Shelley Marleen Hess | Entrepreneur and Holistic Aesthetician

In 1976, Shelley Hess wanted to become a medical researcher to find a cure for acne. Even with Johns Hopkins medical studies, Hess’ career path took a turn, leading her to being mentored by a Tibetan doctor on holistic practices. For 11 years she was guided into the skin care career she currently holds. Although Hess did not become a doctor, she found a way to assist thousands of men, women and children by handling many skin care problems and giving back a sense of confidence to those who found difficulty in feeling content about their appearance. I have been in the aesthetics industry for 37 years. Throughout those years, I have been an educator at various skin care schools in New York, Maryland, Florida and California;

logoI have authored nine textbooks in our industry; I actually invented a makeup technique that I patented, with the word Faceology; I wrote four makeup books in two languages; I was the director of education and marketing for Prescription Plus when Robert Diemer was still head of the international company; I was a freelance educator for over 30 different cosmetic companies; and I have also owned and operated a skin care business for 25 years. With all that I have accomplished in those 37 years, I believe my role as an aesthetics teacher has impacted me the most. I have learned from my students as I shared what I knew from my own mentors. They gave me fresh eyes to see what I had been working with for so many years. The only regret I have is that I wish I had taken a stronger platform to inform aestheticians and clients about the dangers of tattooing the body when the lupus chromosome gene is present. Along with the National Lupus Foundation, I would have liked to take a larger role in our industry to inform people about the life altering health conditions brought on by the correlation between lupus and tattooing – micropigmentation being a part of that body of work. It only takes a simple blood test before tattooing a client’s eyebrows and eyeliner. But no matter what, I have never lost my passion for aesthetics. Through the many decades, a lot has changed to the approach of skin care treatments. However, I believe it is the relationship between the client and the aesthetician that keeps clients coming back. When a client can experience the aesthetician’s love for their job as they treat their skin, they will continue to come back month after month. My secret to keeping life in balance is that I simply adore what I do. I make sure to acknowledge every single day as a blessing. Not that every day is easy; it is not. But every day is an opportunity to make a memory for someone else to remember!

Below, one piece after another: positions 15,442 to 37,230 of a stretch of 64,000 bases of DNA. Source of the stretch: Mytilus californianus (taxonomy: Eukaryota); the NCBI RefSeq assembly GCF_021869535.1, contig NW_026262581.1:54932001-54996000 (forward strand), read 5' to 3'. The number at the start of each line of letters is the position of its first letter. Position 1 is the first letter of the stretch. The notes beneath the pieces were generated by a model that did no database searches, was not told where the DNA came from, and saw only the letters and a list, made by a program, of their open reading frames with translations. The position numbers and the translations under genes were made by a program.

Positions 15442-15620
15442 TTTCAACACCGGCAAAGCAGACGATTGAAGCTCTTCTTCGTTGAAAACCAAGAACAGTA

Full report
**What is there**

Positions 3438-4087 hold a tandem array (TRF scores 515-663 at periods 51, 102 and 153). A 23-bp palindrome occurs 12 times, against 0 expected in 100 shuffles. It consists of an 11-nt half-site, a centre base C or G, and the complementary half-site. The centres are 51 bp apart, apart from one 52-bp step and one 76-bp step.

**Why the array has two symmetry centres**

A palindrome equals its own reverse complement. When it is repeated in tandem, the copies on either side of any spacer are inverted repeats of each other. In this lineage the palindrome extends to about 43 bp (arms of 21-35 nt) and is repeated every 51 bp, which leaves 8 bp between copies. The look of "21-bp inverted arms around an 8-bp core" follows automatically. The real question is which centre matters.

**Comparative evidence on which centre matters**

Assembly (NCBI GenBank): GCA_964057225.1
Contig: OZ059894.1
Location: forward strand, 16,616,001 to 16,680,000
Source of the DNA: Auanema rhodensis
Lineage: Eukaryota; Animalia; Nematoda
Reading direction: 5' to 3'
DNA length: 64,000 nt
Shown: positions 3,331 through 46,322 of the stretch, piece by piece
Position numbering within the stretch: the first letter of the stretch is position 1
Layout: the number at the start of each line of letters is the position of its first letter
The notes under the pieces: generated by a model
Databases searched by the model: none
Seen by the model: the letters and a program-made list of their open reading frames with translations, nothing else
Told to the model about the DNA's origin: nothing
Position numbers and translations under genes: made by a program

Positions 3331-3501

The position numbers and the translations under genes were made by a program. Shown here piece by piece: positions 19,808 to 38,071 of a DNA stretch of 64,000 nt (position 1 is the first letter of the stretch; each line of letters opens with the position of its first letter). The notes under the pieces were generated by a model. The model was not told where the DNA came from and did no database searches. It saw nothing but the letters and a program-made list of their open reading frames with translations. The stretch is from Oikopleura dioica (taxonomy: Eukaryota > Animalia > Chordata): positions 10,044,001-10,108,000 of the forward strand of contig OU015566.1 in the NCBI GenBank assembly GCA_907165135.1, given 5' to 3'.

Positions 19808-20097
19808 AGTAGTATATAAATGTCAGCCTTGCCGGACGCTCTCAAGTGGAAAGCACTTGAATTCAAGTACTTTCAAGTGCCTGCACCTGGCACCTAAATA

More from our interview with Shelley Hess:

DERMASCOPE:
Has there been a constant theme that has led you from one point to the next throughout your training and career? continued…

Shelley:
I have never lost the passion for aesthetics. Through the many decades, a lot has changed to the approach of skin care treatments, some I have found to be difficult to accept. For example, the overuse of Botox, but the passion and love for holistic medicine for me has remained steadfast.

DERMASCOPE:
What has surprised you most during your professional journey?

Shelley:
I guess I am surprised by how many gadgets have come and gone through the various tradeshows. The one element that has never changed is the power of our hands. The skills found in the fingers of a dedicated aesthetician has and I believe always will be the backbone of great skin care.

DERMASCOPE:
Do you have any regrets, or is there any one thing you can point to and think, “I wish I would have done that differently” or “if only I had known then what I know now” that you can share with the readers? continued…

Shelley: